Walking on the Moon

Tuesday, August 26 – Sunday, August 31. NH25, Glencliff – Lake of the Clouds Hut. (Mile 1851.0 since Springer Mountain and only 334.3 miles to Katahdin)

I’m afraid there are no pics nor videos in this post, as wifi doesn’t seem to be available in these parts of New Hampshire.

I’ve recently been a little jaded about my hiking and have really been ready for the end. While that remains my goal, I have been absolutely knocked out by New Hampshire. Somebody further south said to me that the moment I step above the trees in New Hampshire will be the moment that I’ll realize why I’m hiking the AT. I’m always a little skeptical of such hyperbole, yet they were right.

We had chosen to take the opportunity to slackpack over Mt Moosilauke in order to save our knees, particularly as the Hikers Welcome Hostel was a cheap and cheerful place to stay for a second night. It would be fair to say that we were all a little intimidated by the mountain’s reputation, yet we were carrying packs considerably lighter than usual and the difference when carrying such a depleted pack was so liberating.

We had chosen to hike up the steeper side, from north to south, as the easier south side was likely to be gentler to walk down. As we walked, views started to unfold and we really appreciated our lighter packs.

There were about 20 people at the top, many of whom I knew, and we all sat around in the sun having lunch for about 90 minutes.

Walking down with Lighter Knot, I had my 30th fall on the way down, slipping on a root and, with my bear-scaring whistle in my back pocket, I really hurt my backside.

During the day, I’d remarked to Lighter Knot that it would be great to be able to slackpack all the way to Maine and an idea started to form. I suggested that we could offer to pay somebody, say, $250 each to manage this and that, with a team of 4, it could prove to be an interesting proposition to an impecunious hiker.

We recruited 2 women staying at the hostel that evening, Tee Bird and Trillium, while Trillium came up with Shepherd, a terrific young guy who already spends his time both hiking and helping hikers. Consequently, we were all able to shed some weight to leave in Shepherd’s truck. This wasn’t going to be a complete slackpack, as we couldn’t meet up again with Shepherd for a couple of days, so we needed a couple of days of food, along with most of the rest of our gear. My pack became a far more appealing proposition at 30lbs and, while it wasn’t as great as the day before, it was appreciably more comfortable than my everyday burden.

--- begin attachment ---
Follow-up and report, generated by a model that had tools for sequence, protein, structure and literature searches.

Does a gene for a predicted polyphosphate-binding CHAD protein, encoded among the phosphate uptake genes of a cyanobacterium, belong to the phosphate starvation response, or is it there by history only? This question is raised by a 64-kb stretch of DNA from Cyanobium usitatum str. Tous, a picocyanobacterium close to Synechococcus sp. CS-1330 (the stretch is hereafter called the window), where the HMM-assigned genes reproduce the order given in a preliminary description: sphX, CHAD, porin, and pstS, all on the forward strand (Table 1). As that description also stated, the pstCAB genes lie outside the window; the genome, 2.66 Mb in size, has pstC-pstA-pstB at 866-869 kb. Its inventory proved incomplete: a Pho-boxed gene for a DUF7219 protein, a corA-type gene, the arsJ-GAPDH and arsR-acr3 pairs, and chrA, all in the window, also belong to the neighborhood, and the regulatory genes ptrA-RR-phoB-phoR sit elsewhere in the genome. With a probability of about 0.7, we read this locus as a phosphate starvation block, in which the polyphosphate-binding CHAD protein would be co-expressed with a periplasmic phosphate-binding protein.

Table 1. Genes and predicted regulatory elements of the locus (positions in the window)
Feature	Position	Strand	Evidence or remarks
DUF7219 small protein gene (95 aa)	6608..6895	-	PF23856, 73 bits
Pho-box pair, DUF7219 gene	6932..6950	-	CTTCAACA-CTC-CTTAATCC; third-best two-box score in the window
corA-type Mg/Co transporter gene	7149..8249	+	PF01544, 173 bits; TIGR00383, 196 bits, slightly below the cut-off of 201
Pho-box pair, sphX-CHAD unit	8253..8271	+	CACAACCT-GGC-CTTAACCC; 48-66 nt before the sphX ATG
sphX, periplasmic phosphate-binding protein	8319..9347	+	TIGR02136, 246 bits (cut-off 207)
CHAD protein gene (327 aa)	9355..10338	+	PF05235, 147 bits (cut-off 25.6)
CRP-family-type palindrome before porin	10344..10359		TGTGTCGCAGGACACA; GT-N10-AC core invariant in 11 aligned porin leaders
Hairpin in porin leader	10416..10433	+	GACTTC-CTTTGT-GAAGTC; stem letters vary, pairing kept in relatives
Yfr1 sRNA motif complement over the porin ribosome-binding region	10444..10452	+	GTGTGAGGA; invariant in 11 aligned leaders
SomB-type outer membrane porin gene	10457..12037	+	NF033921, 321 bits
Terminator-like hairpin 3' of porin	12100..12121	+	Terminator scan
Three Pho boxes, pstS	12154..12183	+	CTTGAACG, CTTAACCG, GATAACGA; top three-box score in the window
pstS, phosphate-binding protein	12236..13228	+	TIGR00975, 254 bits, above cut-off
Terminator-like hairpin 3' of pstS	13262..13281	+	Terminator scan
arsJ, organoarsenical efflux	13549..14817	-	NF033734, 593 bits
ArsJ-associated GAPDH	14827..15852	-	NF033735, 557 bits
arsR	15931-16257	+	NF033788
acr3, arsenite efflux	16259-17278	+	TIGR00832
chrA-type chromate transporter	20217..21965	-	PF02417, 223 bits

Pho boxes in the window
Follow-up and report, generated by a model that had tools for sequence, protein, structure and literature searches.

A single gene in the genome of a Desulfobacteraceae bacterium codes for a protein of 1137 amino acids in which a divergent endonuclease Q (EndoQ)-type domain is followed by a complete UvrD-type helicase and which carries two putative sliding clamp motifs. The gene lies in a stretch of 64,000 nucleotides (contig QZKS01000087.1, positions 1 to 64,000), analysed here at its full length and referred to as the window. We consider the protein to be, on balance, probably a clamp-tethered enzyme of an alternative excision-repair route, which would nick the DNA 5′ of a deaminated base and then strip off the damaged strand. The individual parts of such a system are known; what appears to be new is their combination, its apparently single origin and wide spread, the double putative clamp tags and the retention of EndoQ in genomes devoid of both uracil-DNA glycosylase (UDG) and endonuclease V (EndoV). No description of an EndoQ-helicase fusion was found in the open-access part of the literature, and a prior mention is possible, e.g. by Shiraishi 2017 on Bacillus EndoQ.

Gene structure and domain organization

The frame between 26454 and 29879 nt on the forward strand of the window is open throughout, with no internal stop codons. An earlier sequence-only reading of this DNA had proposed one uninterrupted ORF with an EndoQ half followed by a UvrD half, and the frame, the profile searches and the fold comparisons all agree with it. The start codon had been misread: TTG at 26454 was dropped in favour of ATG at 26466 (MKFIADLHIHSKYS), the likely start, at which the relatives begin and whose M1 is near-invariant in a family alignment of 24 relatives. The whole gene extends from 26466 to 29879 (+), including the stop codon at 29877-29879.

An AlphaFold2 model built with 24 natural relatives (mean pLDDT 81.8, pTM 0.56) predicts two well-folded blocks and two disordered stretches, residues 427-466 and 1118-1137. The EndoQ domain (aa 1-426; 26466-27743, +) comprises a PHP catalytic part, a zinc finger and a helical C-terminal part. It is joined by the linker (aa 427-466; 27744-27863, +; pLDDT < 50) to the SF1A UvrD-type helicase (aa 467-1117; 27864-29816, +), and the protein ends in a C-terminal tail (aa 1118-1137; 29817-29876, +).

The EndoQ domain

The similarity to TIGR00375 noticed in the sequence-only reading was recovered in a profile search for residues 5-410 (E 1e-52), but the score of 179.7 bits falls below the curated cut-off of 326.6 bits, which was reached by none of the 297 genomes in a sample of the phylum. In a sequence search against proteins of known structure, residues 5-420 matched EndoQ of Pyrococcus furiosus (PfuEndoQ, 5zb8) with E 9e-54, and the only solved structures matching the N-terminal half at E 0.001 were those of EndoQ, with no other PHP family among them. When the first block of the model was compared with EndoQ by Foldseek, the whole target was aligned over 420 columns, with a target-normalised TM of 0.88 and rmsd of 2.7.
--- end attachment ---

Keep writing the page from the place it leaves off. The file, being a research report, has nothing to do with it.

This was certainly another eye-opening day, with a steady climb up South Kinsman Mtn leading to spectacular views all around.

Trillium was struggling with her knees all day and Tee Bird hiked with her for most of the time, while Lighter Knot went ahead to meet up with some friends and I hiked alone. We finished an 11 mile day at Kinsman Pond Shelter and, to my dismay, the pond itself was the water source and, once I’d collected it, the water looked suspiciously like a urine specimen. Very unappetizing! Mind you, I filtered and cooked with it and everything tasted fine, though I’m guessing my standards may have slipped a touch lately.

The 4 of us were able set up our tents together in a clearing and, New Hampshire being a pay-to-stay state, we had to hand over $8 each to the caretaker.

It had been my best days hiking so far on the entire trip, with plenty of clambering hand over hand, a style that I became quickly comfortable with and one that greatly overcame my fear of the White Mountains.

That record only lasted overnight, as the following day blasted aside everything that had gone before.

Franconia Ridge links a number of consecutive peaks, including Mt Liberty and Mt Lincoln, yet it is something that I have never experienced in my life. As we climbed higher, we suddenly emerged above the tree line and the sight truly took my breath away. I knew It was coming up and I had seen pictures, though nothing prepared me for the sheer excitement that I felt.

It was like being a kid again and I unashamedly giggled like one. It looked like a moonscape and I was an astronaut. In the vernacular of today, OMG. It was harsh, it was spectacular, with 360 degree views in abundance, and it simply overwhelmed me.